Best outdoor speakers Buying Guide: Welcome to What Hi-Fi?'s round-up of the best outdoor speakers you can buy in 2022.
Whether you genuinely love a podcast in the garden or are calmly nudged that way when your nearest and dearest does their online yoga class, an outdoor Bluetooth speaker makes a great companion. Maybe you want a larger option to wheel out when hosting an outdoor party, or maybe you've just learned that sticking a playlist on while weeding the lawn eases the job. Whatever necessitates your music al fresco, there are plenty of outdoor speakers we want you to know about.
How to choose the best outdoor speaker for you
Fully waterproof speakers are a great option and will survive a lengthy dip in your private pool (you lucky thing, you) while dustproof options can also shrug off sand with the best of us (if you want a speaker for the beach, look for IP67 rather than waterproof-only IPX7).
Most portable speakers feature hooks or handles for carrying plus Bluetooth wireless connectivity, if you want something for a camping holiday or road trip. Some models even offer access to voice assistants, should you need to ask Alexa the current temperature in Florida, or the chances of decent surf this weekend in Cornwall.
Some of these models are great for slinging in a bag, but don't be fooled: there are bigger high-fidelity options too if you want to really level up the sound quality outside. Read on for our pick of the best outdoor speakers, each with a full, in-depth What Hi-Fi? review attached. We'll let you select the best fit for your needs.
We're leading with this option because, while it is not waterproof, the Drumfire could certainly be wheeled out to start a party. What you see here is a great, space-filling speaker that stands over half a metre tall and boasts a top-notch build quality.
As an all-in-one system to which you can connect a multitude of sources, the Drumfire is a great choice for the money – and Audio Pro’s sonic chops only get better as its speakers get bigger. This hefty hunk of hi-fi is as good as we had hoped. Get ready for those summer heatwaves on the patio with a scorchingly good speaker.
Read the full review: Audio Pro Drumfire
Another biggish option here – promo shots can be deceptive, so note that the Move is six times bigger than the slightly newer and super-portable Sonos Roam.
As with the Roam though, the Move supports both Bluetooth and wi-fi connectivity, so you can stream tunes to it offline from a phone or tablet, or over the internet using a service such as Spotify or Tidal – as with the rest of the Sonos speaker range. Wi-fi also means it can work as part of a Sonos multi-room system – but its wirelessness means you can take it outside. All in all, plenty of options here, and the sound quality is worthy of the revered Sonos name.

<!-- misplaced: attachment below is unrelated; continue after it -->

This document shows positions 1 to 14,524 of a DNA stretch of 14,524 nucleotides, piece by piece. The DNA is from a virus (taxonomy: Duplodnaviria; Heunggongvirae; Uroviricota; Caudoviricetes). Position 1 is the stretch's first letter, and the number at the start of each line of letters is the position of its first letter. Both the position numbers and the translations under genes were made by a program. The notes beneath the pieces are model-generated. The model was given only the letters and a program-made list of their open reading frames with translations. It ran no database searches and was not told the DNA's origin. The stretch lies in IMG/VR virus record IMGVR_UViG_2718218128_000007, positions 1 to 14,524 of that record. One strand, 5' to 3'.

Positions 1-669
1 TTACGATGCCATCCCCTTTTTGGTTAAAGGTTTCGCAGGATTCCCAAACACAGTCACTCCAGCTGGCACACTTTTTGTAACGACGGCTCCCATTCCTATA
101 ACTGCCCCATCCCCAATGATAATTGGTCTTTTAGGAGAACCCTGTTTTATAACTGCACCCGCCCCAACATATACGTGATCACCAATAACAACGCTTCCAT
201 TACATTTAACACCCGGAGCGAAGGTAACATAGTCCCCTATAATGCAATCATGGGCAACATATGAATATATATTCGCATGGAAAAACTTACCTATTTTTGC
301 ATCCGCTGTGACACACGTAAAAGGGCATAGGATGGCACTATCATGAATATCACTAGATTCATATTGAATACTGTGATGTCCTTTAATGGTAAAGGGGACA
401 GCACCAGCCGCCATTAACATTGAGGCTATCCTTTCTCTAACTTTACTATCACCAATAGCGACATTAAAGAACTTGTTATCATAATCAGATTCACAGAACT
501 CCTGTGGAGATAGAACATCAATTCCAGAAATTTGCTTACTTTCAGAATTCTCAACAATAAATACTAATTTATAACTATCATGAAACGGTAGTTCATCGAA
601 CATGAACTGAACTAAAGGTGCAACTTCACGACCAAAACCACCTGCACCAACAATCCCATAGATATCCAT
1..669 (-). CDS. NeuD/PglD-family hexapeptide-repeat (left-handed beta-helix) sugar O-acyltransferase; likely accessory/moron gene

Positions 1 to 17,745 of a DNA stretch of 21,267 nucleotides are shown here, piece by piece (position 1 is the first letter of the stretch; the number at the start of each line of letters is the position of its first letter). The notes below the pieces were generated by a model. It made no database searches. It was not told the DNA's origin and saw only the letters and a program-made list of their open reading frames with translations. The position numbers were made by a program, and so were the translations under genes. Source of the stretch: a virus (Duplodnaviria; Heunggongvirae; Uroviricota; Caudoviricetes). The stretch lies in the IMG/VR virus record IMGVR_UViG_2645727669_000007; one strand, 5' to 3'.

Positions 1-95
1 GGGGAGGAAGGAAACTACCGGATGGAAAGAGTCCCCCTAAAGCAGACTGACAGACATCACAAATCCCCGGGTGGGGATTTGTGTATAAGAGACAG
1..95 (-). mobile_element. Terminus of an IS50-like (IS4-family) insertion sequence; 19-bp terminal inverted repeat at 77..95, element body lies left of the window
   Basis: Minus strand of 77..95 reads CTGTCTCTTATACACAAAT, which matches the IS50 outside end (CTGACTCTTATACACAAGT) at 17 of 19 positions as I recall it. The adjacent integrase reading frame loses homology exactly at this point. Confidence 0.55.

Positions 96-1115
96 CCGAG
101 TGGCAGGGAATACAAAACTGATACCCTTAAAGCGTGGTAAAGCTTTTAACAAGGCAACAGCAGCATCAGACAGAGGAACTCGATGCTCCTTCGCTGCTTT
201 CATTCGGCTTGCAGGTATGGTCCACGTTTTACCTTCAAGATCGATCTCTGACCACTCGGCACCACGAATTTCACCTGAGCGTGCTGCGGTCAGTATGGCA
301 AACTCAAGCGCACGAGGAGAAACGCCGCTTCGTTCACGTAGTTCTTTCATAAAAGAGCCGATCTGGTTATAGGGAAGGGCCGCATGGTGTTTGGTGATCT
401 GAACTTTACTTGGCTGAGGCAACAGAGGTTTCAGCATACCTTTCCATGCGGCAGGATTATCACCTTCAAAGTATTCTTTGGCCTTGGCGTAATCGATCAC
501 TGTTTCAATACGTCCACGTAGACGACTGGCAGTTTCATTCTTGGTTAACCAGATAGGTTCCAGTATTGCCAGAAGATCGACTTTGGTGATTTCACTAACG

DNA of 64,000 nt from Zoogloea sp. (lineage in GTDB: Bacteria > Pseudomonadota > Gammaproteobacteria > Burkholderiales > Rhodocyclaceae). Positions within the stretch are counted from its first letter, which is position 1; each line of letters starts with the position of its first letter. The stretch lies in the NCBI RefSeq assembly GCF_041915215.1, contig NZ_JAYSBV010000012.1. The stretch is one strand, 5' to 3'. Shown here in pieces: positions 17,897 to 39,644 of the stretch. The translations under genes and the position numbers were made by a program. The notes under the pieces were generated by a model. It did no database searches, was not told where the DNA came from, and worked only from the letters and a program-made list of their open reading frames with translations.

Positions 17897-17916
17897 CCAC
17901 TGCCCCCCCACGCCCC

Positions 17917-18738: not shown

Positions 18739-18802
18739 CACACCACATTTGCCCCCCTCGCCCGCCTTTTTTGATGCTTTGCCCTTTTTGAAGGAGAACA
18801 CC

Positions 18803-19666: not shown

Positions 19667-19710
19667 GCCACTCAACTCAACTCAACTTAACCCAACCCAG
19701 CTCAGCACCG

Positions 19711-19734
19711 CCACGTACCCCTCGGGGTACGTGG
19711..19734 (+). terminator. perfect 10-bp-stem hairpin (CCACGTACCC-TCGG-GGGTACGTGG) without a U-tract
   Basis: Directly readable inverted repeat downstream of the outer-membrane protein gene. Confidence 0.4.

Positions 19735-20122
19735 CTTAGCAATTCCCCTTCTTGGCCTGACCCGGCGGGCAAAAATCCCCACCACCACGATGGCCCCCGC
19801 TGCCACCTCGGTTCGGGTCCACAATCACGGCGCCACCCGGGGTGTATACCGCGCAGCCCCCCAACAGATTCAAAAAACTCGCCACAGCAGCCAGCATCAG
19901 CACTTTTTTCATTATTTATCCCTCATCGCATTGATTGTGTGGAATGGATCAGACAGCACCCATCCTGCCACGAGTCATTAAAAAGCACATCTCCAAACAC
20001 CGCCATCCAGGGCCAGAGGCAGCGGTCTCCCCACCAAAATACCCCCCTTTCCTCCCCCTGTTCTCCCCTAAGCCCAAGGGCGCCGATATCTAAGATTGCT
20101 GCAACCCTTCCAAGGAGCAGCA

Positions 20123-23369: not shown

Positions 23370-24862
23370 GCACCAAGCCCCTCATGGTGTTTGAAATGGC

Read the full review: Sonos Move
The JBL Xtreme 3 is a versatile, talented wireless speaker that’s as happy chilling at home as it is being the life and soul of a party. Yes, it's rugged, it's IP67 dust- and waterproof certified and you’d be forgiven for thinking at first glance that it might be more preoccupied with the amount of bass it’s producing rather than musical quality. But let us reassure you: the JBL Xtreme 3 proves to be a careful and considerate performer from the lowest of lows to the highest highs.
Bassheads should be more than satisfied with the healthy low-end clout on offer, but there’s quality as well as quantity. The JBL Xtreme 3 gained five stars across the board during our rigorous in-house testing, never appearing out of its depth no matter how complicated the musical arrangement.
Read the full review: JBL Xtreme 3
The JBL Charge 5 is even more durable and better sounding than the four Charges before it – and now, it is a What Hi-Fi? 2021 Award-winner to boot. Its predecessor carried an IPX7 rating, meaning it could handle being submerged in water to a depth of 1.5m, but the IP67-rated Charge 5 builds on that durability by also being fully dustproof. Want a speaker roughly the dimensions of a bottle of wine that'll charge your phone and sound great? You've found it.
Thanks in part to its new 10W tweeter and racetrack-shaped driver, the Charge 5 is currently as good a sound as you can get in a portable Bluetooth speaker design for under £200 ($200, AU$300). It boasts marginal improvements, both sonically and aesthetically, over its predecessor, the five-star Charge 4 (below).
One day JBL may produce a Charge that can be outdone by a new and plucky rival, but rest assured, that has not happened with the rather splendid Charge 5.
Read the full review: JBL Charge 5